Kenyans CEOs Express Increased Optimism in 2022 Elections Compared to 2017

Nairobi — The Kenyan CEO Business Confidence Survey 2022 has revealed a 37 per cent increase in optimism in the 2022 election compared to the 2017 election.

The survey prepared by the Kenya Private Sector Alliance (KEPSA) noted that most business executives are less jittery this time round and expect a stable economy after the August 9 election.

With the current CEO's Business Confidence Index standing at 61 points overall, the business executives also expressed optimism to hire additional full-time employees in the next six months, which will translate to increased business operations.

"This sentiment is reported against the backdrop of the ongoing war in Ukraine that has disrupted global value chains resulting in price increases in fuel, wheat, and fertilizer, which are critical inputs for Kenya's manufacturing and agriculture sector, coupled with the rise in inflation globally," said KEPSA CEO Carole Kariuki during the launch.

The Report developed in partnership with TIFA Research indicated that tourism and hospitality are the most optimistic sectors of the economy at an average confidence index of 68 points.

The optimism was attributed to the regulation of Covid-19 pandemic restrictions.

Building and construction together with wholesale and retail sectors followed, both standing at 62 index points.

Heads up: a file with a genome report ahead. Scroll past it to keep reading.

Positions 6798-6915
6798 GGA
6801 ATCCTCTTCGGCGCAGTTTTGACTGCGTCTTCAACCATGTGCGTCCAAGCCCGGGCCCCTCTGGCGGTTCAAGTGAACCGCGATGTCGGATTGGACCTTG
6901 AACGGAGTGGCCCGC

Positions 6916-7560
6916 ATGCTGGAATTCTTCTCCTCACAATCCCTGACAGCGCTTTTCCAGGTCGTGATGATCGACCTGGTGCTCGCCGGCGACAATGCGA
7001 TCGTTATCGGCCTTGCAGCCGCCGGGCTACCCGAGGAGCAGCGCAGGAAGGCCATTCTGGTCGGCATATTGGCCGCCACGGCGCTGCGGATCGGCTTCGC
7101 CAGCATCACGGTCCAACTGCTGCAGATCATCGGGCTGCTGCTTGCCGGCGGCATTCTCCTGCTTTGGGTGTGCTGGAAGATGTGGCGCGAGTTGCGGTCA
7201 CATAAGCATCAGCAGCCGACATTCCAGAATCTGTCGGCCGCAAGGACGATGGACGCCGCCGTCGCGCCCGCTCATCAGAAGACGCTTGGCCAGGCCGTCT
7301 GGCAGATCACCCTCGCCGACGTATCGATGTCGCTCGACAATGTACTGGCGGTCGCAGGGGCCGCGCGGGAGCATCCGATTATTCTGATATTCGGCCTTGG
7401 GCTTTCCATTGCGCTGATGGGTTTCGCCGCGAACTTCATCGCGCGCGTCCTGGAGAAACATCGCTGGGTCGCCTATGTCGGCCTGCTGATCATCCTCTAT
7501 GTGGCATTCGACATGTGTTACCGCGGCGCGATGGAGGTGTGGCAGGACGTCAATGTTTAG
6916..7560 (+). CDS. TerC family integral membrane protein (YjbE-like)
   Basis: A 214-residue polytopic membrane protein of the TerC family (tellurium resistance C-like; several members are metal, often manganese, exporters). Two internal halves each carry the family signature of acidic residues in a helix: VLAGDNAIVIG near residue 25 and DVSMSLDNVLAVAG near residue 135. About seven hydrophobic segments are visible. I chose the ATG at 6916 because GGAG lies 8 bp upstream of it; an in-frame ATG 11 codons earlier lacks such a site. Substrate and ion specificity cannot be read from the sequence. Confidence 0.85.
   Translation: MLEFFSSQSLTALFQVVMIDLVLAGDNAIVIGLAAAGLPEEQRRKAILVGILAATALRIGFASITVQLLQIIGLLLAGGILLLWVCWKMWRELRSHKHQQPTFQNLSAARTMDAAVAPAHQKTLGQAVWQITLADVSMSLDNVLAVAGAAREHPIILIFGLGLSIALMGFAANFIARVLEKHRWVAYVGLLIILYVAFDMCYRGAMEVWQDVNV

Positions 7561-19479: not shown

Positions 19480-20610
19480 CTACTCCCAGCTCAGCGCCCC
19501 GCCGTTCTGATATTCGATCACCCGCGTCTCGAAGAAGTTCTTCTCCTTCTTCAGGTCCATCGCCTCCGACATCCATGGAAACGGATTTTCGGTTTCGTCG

Further, the report noted that business executives expect the economic conditions to improve across all industries compared to six months ago, rising from an average of 47 index points to 66 points for the economy and 69 index points for the respective industries.

" Looking into the future, the least optimistic sectors are finance & ICT, perhaps since businesses in these sectors were already experiencing growth relative to other sectors at the height of the Covid-19 Pandemic and do not expect much change for them in the coming six months," the report noted.

On the other hand, business executives remain skeptical about the possibility of reduced production costs due to the prevailing high fuel, raw materials, and other input costs that are expected to go up, thus projecting lower industry growth prospects over the next six months.

In turn, prices of goods and services sold to customers are expected to increase.

Under the Agriculture and Manufacturing sectors, the volume of goods produced is expected to increase as mentioned by most of the businesses.

"For the 23 percent expecting lower growth prospects for their companies and the 29 percent expecting lower growth prospects for their industries, these expectations were tied to failure to address the high-cost production, inflation, rise in fuel prices, change of government, and generally tough economic conditions," noted Victor Ogalo, KEPSA Deputy CEO in charge of KEPSA Business.

Even so, the report shows business executives are encouraged by the implementation of key policies and ongoing infrastructure improvement initiatives as well as the various business support subsidies by the government.

"CEOs are considered to have a helicopter view of the economy and their assessment of specific industries, and the overall economy provides investors and entrepreneurs with invaluable insight on the current and future economic conditions and performance in the country," said TIFA Research CEO Maggie Ireri.

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